Cover image for Narrow road to the deep north : a journey into the interior of Alaska
Narrow road to the deep north : a journey into the interior of Alaska
McNamara, Katherine, 1946-
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Publication Information:
San Francisco, Calif. : Mercury House, [2001]

Physical Description:
289 pages ; 23 cm
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E99.A86 M377 2001 Adult Non-Fiction Non-Fiction Area

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Cultural Writing. Travel. American Indian Studies. Abandoning her sojourn in Paris's literary culture in her late 20s, Katherine McNamara traveled to Alaska in 1976 'to learn how to live. The oil industry was ravaging Alaska's vast spaces...[and] as an iternant poetry teacher in the school districts of Alaska's interior, McNamara both witnessed and participated in the heartbreaking efforts of [the Athabaskan] people to fend off the destruction of their culture... McNamara's story centers in part on her brief...relationship with a Dena'ina Athabaskan man...Whether writing about intimate relationships, poetry or the intricacies of village life, her approach is full of grace and equanimity -- Publishers Weekly. This is the closest any Wasichu of our time will come to understanding the religion of Native nations... -- Larry Woiwode.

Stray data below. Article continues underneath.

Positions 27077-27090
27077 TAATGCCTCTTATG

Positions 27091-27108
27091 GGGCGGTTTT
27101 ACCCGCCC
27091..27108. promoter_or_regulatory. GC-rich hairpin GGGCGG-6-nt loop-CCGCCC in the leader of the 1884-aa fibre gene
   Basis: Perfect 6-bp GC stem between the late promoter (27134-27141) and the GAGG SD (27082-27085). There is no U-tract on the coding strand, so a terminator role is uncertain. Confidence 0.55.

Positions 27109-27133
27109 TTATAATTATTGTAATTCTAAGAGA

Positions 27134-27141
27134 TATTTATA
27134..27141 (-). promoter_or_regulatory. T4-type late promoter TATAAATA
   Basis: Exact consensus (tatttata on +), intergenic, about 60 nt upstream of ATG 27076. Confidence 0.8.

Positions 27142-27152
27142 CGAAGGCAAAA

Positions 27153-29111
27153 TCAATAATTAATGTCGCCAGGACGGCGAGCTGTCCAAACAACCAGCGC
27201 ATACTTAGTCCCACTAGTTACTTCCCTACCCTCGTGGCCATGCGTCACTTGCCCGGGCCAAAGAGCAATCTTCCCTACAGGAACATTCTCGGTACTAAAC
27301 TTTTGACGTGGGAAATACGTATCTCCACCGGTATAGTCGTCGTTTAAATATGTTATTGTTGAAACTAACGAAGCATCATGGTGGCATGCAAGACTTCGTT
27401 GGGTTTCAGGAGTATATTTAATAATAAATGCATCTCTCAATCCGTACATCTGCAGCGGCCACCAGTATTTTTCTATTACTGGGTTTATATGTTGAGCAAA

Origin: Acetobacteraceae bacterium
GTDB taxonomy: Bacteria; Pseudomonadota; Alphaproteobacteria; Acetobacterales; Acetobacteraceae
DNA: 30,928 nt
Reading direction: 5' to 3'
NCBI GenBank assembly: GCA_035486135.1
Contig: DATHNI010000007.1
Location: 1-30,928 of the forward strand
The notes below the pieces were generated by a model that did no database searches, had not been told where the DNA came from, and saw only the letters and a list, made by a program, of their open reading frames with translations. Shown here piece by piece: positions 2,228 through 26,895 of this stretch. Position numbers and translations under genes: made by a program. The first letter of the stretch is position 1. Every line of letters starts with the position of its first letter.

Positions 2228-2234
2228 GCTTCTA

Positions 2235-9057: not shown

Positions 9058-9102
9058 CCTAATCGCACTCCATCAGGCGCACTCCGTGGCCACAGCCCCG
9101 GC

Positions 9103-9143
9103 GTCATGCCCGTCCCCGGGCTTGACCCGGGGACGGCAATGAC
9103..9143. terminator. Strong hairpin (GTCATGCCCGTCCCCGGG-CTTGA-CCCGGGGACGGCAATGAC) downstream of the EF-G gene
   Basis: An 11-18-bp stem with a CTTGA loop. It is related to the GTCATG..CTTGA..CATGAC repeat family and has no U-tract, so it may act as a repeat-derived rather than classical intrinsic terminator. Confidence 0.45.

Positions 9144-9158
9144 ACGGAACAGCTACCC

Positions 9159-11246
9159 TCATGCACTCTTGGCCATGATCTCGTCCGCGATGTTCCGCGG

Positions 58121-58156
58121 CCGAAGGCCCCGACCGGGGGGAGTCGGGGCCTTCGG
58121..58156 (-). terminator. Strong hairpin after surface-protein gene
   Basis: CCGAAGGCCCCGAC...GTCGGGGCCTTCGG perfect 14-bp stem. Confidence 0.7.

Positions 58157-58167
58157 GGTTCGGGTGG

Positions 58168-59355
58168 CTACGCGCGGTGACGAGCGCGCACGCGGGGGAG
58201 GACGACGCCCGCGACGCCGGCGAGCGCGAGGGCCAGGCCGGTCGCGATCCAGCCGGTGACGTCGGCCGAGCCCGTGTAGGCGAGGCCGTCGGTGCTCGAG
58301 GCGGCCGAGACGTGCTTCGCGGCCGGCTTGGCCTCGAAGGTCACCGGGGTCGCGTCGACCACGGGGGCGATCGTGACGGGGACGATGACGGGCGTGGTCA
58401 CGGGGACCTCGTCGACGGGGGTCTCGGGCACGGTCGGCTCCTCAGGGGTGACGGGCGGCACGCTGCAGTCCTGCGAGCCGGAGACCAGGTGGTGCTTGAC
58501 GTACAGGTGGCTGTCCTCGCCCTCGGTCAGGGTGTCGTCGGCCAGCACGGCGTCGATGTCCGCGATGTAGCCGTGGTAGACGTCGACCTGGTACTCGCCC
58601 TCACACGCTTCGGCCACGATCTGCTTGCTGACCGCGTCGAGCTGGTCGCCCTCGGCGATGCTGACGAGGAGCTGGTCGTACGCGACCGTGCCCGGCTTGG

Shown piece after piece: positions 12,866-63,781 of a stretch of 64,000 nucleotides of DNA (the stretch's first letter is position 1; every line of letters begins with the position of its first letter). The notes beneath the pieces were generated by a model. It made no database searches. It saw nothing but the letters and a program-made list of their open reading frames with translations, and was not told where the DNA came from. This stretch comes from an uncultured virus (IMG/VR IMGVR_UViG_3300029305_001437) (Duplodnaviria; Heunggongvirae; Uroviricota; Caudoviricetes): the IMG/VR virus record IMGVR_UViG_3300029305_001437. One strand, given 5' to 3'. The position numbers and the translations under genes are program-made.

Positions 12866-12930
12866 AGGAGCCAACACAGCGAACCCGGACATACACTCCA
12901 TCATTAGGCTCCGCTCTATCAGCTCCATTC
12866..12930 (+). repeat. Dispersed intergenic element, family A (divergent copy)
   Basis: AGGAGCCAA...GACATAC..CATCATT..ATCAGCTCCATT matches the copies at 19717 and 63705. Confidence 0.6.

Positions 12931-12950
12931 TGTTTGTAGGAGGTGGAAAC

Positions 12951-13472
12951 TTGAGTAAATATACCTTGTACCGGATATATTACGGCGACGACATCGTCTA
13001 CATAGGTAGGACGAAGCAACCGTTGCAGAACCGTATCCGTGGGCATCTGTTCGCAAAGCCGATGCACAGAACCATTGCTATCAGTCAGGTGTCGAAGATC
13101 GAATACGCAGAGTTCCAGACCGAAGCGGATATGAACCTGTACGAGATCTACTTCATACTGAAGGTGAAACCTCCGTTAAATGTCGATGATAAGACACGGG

Reviews 1

Publisher's Weekly Review